POD’s figuring things out as we grow along, but parsnips, like any other veggie, seem to be a little fussy. But, so far, so good — every one of the javelins has germinated and they’re sprouting right along.
- Rich, deep, well-fertilized soil
- Go light on the nitrogen, though — evidently they don’t like it
- Full flavor develops when the roots have been exposed to near-freezing temperatures
- POD’s hopes for a Thanksgiving crop may not pan out — perhaps more like a February harvest, just when they’ll be most needed
- Full sun/partial shade okay
A few weeks ago, in a fit of Chicken Little-like panic, fall garden planning began. This is a first for POD — usually the containers get retired when the last of the straggling cucumbers make their way onto a salad and the herbs have been hacked down and transformed into indoor pets.
Not this year, though! POD has visions of making the Thanksgiving trek to Michigan with armfuls of parsnips, Brussels sprouts, carrots, and maybe even some last-gasp chard. (There’s no hope that the wee parmex carrots will amount to much, but hey, it’s worth a shot.)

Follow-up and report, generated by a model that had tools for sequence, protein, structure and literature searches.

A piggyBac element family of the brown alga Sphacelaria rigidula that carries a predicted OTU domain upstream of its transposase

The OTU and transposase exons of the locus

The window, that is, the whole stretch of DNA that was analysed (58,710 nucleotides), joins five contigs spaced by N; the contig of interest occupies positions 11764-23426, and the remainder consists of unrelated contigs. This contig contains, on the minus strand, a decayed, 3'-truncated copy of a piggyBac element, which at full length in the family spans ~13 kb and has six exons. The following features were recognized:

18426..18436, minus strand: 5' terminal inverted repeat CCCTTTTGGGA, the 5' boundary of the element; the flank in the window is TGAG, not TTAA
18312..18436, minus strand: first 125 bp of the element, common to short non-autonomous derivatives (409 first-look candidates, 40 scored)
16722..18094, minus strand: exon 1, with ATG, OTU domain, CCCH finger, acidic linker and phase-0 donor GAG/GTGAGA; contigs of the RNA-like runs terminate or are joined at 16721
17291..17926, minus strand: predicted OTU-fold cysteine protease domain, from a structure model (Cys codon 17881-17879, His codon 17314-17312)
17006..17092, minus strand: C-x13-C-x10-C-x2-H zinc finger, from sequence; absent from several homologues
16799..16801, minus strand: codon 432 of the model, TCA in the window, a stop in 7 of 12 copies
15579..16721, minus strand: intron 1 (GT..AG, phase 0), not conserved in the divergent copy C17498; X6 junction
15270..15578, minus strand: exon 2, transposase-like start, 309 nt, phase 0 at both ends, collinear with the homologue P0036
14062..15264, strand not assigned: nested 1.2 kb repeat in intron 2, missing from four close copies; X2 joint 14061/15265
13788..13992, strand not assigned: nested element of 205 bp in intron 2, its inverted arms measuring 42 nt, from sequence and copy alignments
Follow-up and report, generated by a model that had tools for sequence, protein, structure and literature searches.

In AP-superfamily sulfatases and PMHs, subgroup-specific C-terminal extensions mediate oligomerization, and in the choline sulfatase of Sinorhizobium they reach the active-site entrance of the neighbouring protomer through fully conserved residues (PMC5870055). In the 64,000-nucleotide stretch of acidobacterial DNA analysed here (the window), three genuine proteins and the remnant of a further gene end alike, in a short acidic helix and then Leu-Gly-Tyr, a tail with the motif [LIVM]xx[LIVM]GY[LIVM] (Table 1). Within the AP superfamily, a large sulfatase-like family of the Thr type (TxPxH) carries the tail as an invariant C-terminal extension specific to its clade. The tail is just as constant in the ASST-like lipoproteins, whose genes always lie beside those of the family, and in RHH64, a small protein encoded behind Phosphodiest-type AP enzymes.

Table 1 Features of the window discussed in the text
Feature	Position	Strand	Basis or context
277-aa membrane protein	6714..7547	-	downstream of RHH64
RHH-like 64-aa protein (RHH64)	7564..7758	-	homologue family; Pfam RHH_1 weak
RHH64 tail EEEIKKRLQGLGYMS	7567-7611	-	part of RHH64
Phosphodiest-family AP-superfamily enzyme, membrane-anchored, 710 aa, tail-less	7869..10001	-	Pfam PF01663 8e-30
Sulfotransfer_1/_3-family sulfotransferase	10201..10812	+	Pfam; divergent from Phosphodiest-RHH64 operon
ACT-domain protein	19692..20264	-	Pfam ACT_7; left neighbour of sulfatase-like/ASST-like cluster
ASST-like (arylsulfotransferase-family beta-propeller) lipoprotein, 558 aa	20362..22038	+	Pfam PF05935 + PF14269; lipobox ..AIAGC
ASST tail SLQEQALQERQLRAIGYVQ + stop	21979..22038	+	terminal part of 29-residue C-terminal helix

Each week (or so) we have a few friends over for dinner, and while I was busy stirring POD’s thai chilies into the evening’s much-delayed lemongrass curry, our dear friend began asking all sorts of interesting gardening questions.
Clearly he’s caught the gardening bug. Poor thing.
He came to his addiction late, though, and is wondering what the heck he can still plant now that daylight is on the wane and Philadelphia has turned into the soupy humid swamp that is late July.
So, dear friend, here are a few suggestions for July, who knows, you just may see them sprouting up on deck soon. Let’s give it a whirl together:
Brussels Sprouts (October-December harvest)
Cauliflower (December-March harvest) — Look for the following varieties: Needles and Purple Cape
Parsnips (November-December harvest)
Check back in a couple of weeks and see what works for August sowing.